An opera about people trapped in one of the Twin Towers during the 9/11 attacks has been called a "remarkable piece of work" by one UK critic.
Between Worlds, an English National Opera (ENO) production at the Barbican in London, "tears at the heart", wrote the Daily Telegraph's Ivan Hewett.
The opera, wrote Michael Church in The Independent, "reflects crazy courage" and "comes across with awesome power".
The Guardian, though, said it was not "as affecting as it ought to be".
Nor is there any "real sense", wrote Andrew Clements, of the "sheer chaotic terror" of the events of 11 September 2001 dramatised by composer Tansy Davies and librettist Nick Drake.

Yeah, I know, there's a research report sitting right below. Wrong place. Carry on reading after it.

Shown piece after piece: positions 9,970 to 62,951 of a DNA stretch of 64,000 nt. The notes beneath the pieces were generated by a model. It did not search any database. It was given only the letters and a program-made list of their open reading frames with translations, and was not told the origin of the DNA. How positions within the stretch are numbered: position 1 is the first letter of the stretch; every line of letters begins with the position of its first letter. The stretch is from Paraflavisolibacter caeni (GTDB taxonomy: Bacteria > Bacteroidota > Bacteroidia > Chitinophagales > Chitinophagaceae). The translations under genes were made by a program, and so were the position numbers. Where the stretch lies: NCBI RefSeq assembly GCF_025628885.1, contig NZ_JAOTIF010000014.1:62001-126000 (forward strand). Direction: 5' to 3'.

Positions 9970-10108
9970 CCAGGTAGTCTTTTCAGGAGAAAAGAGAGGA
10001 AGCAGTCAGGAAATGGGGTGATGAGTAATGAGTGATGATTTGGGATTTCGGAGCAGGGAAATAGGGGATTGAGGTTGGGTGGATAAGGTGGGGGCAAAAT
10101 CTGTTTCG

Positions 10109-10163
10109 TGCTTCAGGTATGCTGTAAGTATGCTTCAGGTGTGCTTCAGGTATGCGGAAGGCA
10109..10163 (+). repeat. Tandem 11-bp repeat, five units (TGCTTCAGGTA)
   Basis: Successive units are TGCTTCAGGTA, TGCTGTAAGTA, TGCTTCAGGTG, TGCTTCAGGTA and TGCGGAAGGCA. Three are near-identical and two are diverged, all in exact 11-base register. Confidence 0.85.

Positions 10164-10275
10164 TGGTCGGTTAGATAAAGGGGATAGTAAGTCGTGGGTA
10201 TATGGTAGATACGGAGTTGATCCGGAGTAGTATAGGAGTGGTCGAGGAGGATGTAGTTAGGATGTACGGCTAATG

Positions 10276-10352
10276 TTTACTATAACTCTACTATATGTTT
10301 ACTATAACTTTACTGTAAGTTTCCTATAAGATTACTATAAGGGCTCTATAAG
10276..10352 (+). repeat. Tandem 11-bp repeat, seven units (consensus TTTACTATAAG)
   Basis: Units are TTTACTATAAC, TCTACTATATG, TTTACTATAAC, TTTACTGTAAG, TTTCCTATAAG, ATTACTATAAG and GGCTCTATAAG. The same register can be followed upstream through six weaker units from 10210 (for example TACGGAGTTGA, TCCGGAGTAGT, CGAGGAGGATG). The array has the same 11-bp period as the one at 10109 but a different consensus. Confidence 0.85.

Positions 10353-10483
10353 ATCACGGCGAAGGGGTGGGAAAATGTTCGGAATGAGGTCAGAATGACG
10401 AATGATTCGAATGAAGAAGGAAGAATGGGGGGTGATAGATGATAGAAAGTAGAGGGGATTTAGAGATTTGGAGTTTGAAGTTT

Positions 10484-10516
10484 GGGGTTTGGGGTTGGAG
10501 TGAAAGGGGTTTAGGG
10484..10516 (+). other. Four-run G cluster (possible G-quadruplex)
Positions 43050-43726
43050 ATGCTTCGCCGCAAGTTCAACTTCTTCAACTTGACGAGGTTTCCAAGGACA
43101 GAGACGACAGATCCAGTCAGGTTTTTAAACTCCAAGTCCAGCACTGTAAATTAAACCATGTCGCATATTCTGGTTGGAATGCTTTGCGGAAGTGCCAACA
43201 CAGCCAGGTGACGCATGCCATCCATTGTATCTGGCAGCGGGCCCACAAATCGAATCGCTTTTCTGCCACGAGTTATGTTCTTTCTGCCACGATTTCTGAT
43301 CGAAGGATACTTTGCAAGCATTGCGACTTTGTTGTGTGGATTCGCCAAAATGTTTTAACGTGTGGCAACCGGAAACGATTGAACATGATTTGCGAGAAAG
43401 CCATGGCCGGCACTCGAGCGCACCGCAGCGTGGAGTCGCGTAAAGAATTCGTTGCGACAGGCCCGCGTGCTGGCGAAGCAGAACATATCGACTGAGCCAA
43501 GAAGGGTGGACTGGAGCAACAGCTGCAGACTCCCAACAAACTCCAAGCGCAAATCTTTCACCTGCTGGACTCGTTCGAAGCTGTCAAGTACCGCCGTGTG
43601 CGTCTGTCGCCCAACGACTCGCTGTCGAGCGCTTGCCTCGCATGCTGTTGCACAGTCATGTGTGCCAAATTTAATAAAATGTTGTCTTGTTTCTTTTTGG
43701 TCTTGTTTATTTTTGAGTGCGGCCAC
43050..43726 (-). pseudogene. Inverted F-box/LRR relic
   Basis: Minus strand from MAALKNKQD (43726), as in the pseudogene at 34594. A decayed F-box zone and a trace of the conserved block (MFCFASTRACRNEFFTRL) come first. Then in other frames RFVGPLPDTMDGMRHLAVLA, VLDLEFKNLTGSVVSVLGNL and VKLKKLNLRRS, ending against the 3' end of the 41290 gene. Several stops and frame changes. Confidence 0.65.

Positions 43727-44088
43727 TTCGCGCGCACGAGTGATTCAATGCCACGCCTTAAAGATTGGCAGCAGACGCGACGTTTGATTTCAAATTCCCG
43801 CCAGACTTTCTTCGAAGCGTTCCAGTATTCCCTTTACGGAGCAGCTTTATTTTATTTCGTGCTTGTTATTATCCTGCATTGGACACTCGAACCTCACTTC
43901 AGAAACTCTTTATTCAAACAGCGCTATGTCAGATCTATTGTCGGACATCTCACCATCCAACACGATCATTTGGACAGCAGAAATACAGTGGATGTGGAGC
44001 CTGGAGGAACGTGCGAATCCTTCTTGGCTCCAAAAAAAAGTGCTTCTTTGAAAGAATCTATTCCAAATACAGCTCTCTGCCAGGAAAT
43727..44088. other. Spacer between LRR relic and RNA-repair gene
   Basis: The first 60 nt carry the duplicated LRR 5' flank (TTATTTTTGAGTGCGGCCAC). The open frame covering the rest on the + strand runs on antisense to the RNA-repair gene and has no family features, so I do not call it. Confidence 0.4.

The Arts Desk also found fault with Deborah Warner's production, saying it is "peppered with problems" that include a "lack of clarity" and "monochrome pace".
"As a meditative lament on this human tragedy, Between Worlds succeeds," wrote Jessica Duchen.
"But as a metaphysical drama of the day itself, there is more to question, and much to clarify."
Between Worlds, the second ENO production to be co-commissioned by the Barbican after 2013's Sunken Garden, runs until 25 April.
It is the first opera to be written by Davies, a previous winner of the BBC's Young Composers' Competition who has written works for the LSO, the City of London Sinfonia and the BBC Symphony Orchestra.